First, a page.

Hey Brian, don’t disagree with that at all. The whole article is kind of written under the assumption that folks are going the DIY route. Your estimates are definitely spot on for anything custom though!

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    Kronda Adair 8 years ago

    This is a really great, in-depth article. I’ve thought a lot about the DIY space and how people can get started on the right foot if they really just don’t have the money to invest in going totally PRO. In fact, I created a course to help the DIY crowd. I’m hoping to help people like Mrs T so that when they do go to hire a professional, they already have a solid base and don’t have to start from scratch.

    +1 to Ogi’s comment about the cost of content. Most people really don’t understand the investment (time or money) in creating solid content.

    I look at DIY (for business anyway) as a stepping stone that can get people to the point of paying a professional. And it can be a good lesson in everything it takes to get a site up and running so that they have a better understanding of why hiring a pro is a valuable investment.

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    Soluciones Web 8 years ago

    Great post. It would be great potential clients could read this, many of them think that WP means very low budget and almost no work to do.

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      Ryan Sullivan 8 years ago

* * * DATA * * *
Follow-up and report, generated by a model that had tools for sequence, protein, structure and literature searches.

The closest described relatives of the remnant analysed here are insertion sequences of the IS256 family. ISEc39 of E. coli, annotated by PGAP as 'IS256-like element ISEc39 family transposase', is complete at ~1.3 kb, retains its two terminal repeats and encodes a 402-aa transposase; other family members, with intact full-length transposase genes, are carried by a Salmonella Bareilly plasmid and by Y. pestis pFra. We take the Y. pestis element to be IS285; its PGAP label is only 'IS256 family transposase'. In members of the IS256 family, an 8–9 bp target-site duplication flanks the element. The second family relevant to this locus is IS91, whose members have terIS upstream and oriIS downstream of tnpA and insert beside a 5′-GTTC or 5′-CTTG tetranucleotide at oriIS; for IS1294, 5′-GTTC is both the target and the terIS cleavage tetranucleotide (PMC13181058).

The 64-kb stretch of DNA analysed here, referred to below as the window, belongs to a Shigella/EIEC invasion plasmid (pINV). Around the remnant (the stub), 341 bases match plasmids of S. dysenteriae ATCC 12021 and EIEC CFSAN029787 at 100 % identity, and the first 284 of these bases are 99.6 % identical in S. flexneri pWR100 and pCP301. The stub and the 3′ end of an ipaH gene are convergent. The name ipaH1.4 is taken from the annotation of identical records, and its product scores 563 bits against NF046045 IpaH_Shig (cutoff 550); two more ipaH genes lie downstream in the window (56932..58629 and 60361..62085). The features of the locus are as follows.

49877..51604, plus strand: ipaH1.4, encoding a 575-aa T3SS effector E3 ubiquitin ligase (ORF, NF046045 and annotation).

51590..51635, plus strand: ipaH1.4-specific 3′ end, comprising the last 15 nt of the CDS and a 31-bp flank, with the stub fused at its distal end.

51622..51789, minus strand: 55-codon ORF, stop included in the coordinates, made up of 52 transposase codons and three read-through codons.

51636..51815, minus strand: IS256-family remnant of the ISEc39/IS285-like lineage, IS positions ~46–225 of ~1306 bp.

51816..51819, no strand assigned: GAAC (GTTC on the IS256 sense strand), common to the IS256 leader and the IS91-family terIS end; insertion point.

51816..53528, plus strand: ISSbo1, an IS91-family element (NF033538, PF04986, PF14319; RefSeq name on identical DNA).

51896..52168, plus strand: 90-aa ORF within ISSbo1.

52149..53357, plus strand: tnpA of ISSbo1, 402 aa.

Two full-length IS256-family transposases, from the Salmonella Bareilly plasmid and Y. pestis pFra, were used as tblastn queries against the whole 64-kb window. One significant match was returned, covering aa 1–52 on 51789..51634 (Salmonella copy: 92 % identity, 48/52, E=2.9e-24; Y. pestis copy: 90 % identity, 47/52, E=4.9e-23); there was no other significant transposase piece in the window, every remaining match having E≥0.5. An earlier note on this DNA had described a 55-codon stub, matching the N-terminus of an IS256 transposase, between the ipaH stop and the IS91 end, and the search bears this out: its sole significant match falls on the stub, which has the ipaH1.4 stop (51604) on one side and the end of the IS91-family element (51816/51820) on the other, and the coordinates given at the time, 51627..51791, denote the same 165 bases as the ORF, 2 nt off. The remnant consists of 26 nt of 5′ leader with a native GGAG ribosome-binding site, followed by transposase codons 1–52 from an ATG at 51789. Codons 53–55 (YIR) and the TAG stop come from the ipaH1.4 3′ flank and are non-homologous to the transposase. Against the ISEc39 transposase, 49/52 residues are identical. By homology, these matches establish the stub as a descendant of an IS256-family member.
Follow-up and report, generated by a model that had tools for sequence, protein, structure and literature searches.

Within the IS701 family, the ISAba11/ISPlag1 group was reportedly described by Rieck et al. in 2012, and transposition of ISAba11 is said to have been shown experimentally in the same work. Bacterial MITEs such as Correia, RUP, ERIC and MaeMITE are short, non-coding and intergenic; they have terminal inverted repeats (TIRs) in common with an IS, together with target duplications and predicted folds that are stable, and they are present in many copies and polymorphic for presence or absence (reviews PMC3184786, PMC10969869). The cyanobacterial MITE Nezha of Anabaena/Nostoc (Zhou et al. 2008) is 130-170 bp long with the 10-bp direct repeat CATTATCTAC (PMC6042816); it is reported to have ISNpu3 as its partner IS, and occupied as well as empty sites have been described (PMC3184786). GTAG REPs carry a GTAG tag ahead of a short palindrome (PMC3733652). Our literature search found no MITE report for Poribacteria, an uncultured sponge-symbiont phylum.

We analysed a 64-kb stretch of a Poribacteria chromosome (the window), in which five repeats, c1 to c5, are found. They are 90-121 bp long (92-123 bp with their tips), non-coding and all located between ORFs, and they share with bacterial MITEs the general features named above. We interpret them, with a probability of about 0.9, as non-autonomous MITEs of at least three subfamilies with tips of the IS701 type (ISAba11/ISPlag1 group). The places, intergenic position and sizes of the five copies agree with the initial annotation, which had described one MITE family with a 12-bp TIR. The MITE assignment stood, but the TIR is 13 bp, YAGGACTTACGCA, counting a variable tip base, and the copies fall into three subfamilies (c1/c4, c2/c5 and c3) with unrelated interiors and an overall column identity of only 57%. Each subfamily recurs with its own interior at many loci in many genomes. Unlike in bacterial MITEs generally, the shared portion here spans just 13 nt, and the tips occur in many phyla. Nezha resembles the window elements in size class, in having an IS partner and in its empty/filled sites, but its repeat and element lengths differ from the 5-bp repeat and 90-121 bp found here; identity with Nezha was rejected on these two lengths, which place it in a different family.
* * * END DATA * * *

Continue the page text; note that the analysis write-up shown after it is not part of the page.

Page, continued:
Definitely 🙂 We share it with our clients all the time. Feel free to share it with yours as well!

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      Marilyn Wo 8 years ago

      Hey Aaron, just came across this and saw your questions. Hope I’m not too late to help.

      In my honest opinion, there is no market rate. You can find a lot of help to install WP and Woocommerce on Fiverr for $5 or get the same thing done by a web developer for a few hundred dollars.

      It comes down to value-added services, trust and relationship you’ve built with your customers over time plus the costs incurred to work on the particular project.

      One way is to go by the hour, say in a year you’d want to earn 100000, so each hour you’d want to earn say $50, also depending on the number of hours you are working each day.

      Track your time. If a project takes you an hour to do, you charge $50 and so on.

      The other better way is to charge based on service as a product, do some planning and projection ahead of where you are now. Say you aim to grow your business by 10% every month, and you’ve calculated all your costs (internet, hosting, software, WP theme framework, license fees, home bills, take home pay, etc).

      My very rough math, in order to grow your revenue by 10% each month, you may need to double your client size each month. Which also means you need to charge them at least double your expenses.

      Say if your total costs of running this business per month per client comes up to $100, it means you need to charge each client $200 per month in order to get the rate of growth you desire.